There at this Third Mountain, the tribes are forged into a single royal nation. At this Third Mountain, they are given God's Law as their constitution. And at this Third Mountain, just as a sacrifice celebrated a promise on Mount Moriah, so now here a sacrifice confirms the covenant between God and his people. At the base of the Third Mountain, on an altar surrounded by twelve stone pillars, Moses sacrifices oxen and shouts to Israel, “Behold the blood of the covenant that the LORD has made with you in accordance with all these words” (Exodus 24:4-8). Then, as they dwell beneath the burning mountain, they receive one further gift. They get the Tabernacle – it's God's portable sanctuary, a Sinai for the road, and in it is an ark, a box, that holds the stone tablets of the Law, on which are written God's ten covenant-terms, his ten commandments.

From there, this new nation marched, tabernacle and ark and all, to the land of promise in which Abraham had dwelt. And there, after many obstacles and setbacks through the coming centuries, at last they established a kingdom. The kingdom then was given to a ruler named David, with whom God made a royal covenant and adopted David as a son. David had much work to do to finish subduing the nations under God's nation. Part of that work, then, was to seize a Jebusite city called Jerusalem, and particularly to conquer its stronghold called Zion (2 Samuel 5:6-7). Here, we find our Fourth Mountain. For our Fourth Mountain is Mount Zion.

One day, after King David has governed wrongly, it's atop a nearby mountain that David sees a vision. He sees a destroying angel, standing at the mountaintop threshing floor of Araunah the Jebusite, and the angel's hand is outstretched to sacrifice Jerusalem like it's Isaac. David rushes to buy the threshing floor, where he repeats Abraham's substitute-sacrifice, using oxen like Moses did; and the angel stays his hand (1 Chronicles 21:15-28). It's like Moriah all over again. In fact, the Bible later tells us that Araunah's threshing floor was Mount Moriah, the same place where Abraham's deepest act of faith happened.

Now, what happens next might surprise you. Years go by, and David leaves the throne to his son Solomon, who carries out his dad's dream of building God a temple. And where does Solomon build it? “Solomon began to build the House of the LORD in Jerusalem on Mount Moriah, where the LORD had appeared to David his father, at the place that David had appointed, on the threshing floor of [Araunah] the Jebusite” (2 Chronicles 3:1). Yes, the Temple is built on the spot where Abraham's faith was put to the test. And when the Temple was finished, the priests carried the Ark of the Covenant into the Holy of Holies of this new temple (1 Kings 8:1-6), going up the mountain with constant sacrifices (1 Kings 8:5). And what's inside the Ark of the Covenant? “There was nothing in the ark except the two tablets of stone that Moses put there” (1 Kings 8:9). Moses brought them down a mountain, and now they've gone back up a mountain. And they've gone into a sanctuary that's designed to look like a garden, with carved trees and plants, fruits and flowers, and even two great cherubim guarding the Ark of the Covenant. Then this Temple is a garden paradise, and so a new Eden; and it's the original place of sacrifice, being itself Moriah; and now it houses the Law, as a new Sinai.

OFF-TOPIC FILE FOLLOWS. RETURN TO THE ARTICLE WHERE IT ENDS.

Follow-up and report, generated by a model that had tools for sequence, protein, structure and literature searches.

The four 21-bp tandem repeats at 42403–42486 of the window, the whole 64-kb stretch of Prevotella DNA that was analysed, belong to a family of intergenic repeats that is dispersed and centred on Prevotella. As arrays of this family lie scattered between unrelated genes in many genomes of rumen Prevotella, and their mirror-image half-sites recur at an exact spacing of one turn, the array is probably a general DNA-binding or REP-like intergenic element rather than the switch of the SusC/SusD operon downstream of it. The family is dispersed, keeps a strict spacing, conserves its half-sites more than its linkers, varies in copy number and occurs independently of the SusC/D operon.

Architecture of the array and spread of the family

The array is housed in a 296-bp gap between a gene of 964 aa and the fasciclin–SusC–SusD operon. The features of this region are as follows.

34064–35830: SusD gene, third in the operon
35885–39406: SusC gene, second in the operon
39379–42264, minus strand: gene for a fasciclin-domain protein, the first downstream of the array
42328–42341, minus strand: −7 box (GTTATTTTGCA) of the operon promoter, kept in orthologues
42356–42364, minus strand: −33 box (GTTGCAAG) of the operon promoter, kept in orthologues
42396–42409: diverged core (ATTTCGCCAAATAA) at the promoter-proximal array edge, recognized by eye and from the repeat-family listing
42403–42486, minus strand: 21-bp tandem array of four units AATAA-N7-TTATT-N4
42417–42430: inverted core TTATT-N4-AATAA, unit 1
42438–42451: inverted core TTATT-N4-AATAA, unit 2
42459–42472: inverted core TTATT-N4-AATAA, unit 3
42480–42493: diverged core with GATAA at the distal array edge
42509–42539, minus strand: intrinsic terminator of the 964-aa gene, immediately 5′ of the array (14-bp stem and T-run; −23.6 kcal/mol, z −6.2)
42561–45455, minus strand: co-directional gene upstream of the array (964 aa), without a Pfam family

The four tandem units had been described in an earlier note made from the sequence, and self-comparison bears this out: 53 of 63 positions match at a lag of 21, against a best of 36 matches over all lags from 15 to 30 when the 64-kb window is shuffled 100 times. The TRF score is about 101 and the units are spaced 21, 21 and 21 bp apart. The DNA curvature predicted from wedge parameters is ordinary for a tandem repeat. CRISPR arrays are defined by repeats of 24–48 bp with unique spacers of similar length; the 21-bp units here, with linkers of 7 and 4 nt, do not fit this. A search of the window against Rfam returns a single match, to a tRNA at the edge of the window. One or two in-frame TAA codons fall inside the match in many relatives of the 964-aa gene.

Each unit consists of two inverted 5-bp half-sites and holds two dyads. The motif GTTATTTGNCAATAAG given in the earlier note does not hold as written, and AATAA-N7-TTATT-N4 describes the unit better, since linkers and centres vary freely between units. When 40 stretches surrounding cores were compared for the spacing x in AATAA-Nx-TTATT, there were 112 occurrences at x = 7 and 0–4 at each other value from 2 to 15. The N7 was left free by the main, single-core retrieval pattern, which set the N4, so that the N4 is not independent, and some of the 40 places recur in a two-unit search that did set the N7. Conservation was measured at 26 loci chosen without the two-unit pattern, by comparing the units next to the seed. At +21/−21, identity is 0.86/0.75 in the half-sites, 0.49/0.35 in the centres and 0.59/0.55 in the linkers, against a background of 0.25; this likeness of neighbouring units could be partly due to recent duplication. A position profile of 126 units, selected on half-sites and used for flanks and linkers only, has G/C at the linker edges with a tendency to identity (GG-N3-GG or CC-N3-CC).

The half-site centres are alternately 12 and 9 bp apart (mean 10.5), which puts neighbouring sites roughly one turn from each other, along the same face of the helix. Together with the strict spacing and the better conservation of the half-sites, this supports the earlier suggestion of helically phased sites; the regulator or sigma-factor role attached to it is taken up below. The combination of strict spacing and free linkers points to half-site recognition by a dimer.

Over time, this Temple Mount – which rolls Eden, Moriah, and Sinai into one – takes on the name of Zion (cf. Psalm 20:2), “for the LORD has chosen Zion: he has desired it for his dwelling place” (Psalm 132:13). “Out of Zion, the perfection of beauty, God shines forth” (Psalm 50:2). When God dwelled on Sinai, the mountain could be approached but not touched, and so God could not be approached. But now that God dwells on Zion, his temple invites pilgrims to ascend – under conditions. “Who shall ascend the hill of the LORD, and who shall stand in his holy place? He who has clean hands and a pure heart...” (Psalm 24:3-4). In this holy place, this Mount Zion, each of Israel's sacrifices will reappropriate Abraham and Isaac's faith,2 now empowered by the Law of Moses and focused through the royal covenant with David and Solomon, surrounded by an artificial Eden as if we're Adam and Eve all over again, every day. That is what the temple provided.

The trouble is, the temple on Mount Zion was created and corrupted, built and broken, not once but twice. This mountain simulated Eden and Moriah and Sinai, and even added something new, but it begged for fulfillment. Then, one day, to the second temple built atop Zion, a mother carried her baby boy, offering two doves as a purification-sacrifice in accordance with the Law – though in truth, they needed no purification. And there in that temple on Zion, an elderly prophet held the baby, and, tears streaming down his cheeks, he rejoiced that at last, Messiah son of David had been born: the long-awaited Savior was in his temple (Luke 2:22-32)!